Sid Meier’s Civilization VI Review: A Lesson on Progress

Real Talk By: Haggy

The Civilization series has been with us for quite some time.  Not only that, the games  have not only been consistently good, but each iteration in some way improves on the previous one’s process.  However, does Civilization VI upgrade enough from Civ V? 

Firstly, the game has a new art style.  It’s a more animated, more rounded, with a less realistic art style.  Some people aren’t a fan of it, and I do somewhat miss the more impressive Leader Screens whenever you’d do diplomacy with other leaders, but the world is much more colorful, the world is much nicer, smoother, and all manners of improved.  Seeing as the previous game is still in my opinion a beautiful game, this is a strong way to improve upon it.


Next the functionality of the game.  I haven’t had a single problem with it.  I’ve heard stories so I’d be concerned, but it didn’t take much to optimize the game and start playing, and it’s a very easy to run game even on the higher settings.  With an improved options menu that can be adjusted even during the game (Something the previous couldn’t do).  Again with the art style, it’s improved upon the previous in a logical way.

Good marks so far, but now we get to the new game mechanics.  Once again, basing itself off of the previous formula and improving.  It’s a hexagonal system like the previous, units function similarly, and there are Barbarians and ancient villages similar to the Barbarians and Ruins of the previous game.  However, this is where the new additions come into play.  In the previous game, all the buildings in a city only remained in the city’s tile.  Now, there are now districts where you build Military, Scientific, Entertainment, Economical, Naval, and all the wonders that now need their own tile dedicated to them within your borders.  This makes city placement much easier to get around as even a land locked city can end up with sea access.  With changes made to workers, some units, wonders, and trade, the game is a much simpler game to get into and everything has been made easier to manage while also adding some new aspects to keep track of.  This keeps the game fresh while also making it easy to get into.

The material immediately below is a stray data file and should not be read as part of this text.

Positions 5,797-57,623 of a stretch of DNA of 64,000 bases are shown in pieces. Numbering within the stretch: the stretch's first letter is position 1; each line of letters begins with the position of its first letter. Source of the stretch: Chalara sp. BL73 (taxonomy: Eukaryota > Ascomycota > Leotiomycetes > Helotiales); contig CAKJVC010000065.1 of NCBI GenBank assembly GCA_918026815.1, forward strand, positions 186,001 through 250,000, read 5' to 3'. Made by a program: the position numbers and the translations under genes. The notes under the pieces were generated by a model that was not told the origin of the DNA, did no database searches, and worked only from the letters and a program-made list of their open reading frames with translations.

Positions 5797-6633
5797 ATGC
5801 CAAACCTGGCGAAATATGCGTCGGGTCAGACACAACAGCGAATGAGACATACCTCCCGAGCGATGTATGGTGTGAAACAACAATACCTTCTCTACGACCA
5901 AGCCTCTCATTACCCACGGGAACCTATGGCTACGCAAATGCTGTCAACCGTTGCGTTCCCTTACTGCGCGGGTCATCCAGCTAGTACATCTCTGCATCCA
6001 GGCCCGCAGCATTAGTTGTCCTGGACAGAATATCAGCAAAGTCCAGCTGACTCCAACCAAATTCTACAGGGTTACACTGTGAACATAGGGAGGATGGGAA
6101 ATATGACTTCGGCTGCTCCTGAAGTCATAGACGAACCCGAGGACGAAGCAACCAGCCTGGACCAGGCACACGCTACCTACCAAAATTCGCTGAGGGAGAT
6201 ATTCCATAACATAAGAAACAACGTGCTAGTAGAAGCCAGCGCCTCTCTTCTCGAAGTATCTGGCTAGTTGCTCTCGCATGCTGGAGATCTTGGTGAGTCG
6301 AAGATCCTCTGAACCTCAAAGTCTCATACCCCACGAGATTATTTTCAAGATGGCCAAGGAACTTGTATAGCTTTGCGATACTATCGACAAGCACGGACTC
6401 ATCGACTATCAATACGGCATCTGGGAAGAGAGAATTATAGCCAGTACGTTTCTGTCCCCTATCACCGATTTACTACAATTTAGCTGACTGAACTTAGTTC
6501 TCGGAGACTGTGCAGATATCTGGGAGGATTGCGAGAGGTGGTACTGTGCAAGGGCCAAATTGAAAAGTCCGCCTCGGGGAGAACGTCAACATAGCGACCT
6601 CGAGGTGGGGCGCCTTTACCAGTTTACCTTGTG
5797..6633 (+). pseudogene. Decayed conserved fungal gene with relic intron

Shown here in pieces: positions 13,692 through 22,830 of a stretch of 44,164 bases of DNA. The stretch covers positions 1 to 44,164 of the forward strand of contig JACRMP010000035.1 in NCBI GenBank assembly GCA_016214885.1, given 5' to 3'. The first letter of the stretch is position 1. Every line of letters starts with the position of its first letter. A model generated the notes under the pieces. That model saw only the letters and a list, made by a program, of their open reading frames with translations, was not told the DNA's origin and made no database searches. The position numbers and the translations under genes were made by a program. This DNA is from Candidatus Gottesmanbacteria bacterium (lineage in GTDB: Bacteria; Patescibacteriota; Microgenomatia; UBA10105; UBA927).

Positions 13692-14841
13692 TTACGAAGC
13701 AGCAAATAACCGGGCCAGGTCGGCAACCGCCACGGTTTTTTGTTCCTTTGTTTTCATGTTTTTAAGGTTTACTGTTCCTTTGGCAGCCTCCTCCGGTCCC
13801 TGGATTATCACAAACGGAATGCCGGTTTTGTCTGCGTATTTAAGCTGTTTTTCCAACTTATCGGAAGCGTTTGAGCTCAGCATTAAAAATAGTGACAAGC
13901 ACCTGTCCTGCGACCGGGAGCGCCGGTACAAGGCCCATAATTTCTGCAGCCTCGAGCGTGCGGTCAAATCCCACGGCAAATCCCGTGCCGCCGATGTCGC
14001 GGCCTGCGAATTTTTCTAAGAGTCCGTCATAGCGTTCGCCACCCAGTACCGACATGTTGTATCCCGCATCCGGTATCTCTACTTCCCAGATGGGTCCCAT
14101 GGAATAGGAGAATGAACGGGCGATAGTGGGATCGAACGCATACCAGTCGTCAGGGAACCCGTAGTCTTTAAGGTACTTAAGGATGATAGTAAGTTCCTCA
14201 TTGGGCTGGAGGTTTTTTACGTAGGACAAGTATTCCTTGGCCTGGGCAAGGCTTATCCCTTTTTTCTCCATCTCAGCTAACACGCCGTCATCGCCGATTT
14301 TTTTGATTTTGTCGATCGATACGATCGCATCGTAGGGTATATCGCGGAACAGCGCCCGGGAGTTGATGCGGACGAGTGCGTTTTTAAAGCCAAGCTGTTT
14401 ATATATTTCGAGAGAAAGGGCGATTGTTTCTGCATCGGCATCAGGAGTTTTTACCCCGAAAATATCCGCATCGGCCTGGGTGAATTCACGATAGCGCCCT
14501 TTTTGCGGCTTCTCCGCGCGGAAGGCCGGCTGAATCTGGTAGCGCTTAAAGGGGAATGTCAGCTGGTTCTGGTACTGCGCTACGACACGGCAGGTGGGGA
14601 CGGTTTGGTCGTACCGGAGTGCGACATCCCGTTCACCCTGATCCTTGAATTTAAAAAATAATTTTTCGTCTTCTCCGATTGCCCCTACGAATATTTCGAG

So, Civilization VI.  It’s a worthy successor to the previous game, and it’s deserving of the awards.  This is despite the occasional issues with pacing, clunky interactions with another civ, and the soundtrack sometimes not being active enough.  Ultimately, we have a title that PC owners will be happy to have in their collection.

Sid Meier’s Civilization VI gets


4.5 out of 5

What’s Legit?

+Art Style is Great

+Game is Easier to Get Into

 +GamePlay is Satisfying

What’s Perpetrating?

-Occasional Clunkiness

-The Soundtrack, Though Nice When it’s Playing, is Sparse

#CivVI @PlayLegit


One thought on “Sid Meier’s Civilization VI Review: A Lesson on Progress

  1. I guess they are going for a more cartoony look because of Revolution’s popularity. The Civ game I played the most was Civ 2. The advisors there were actors in costume. The entertainment guy for example was dressed like Elvis.


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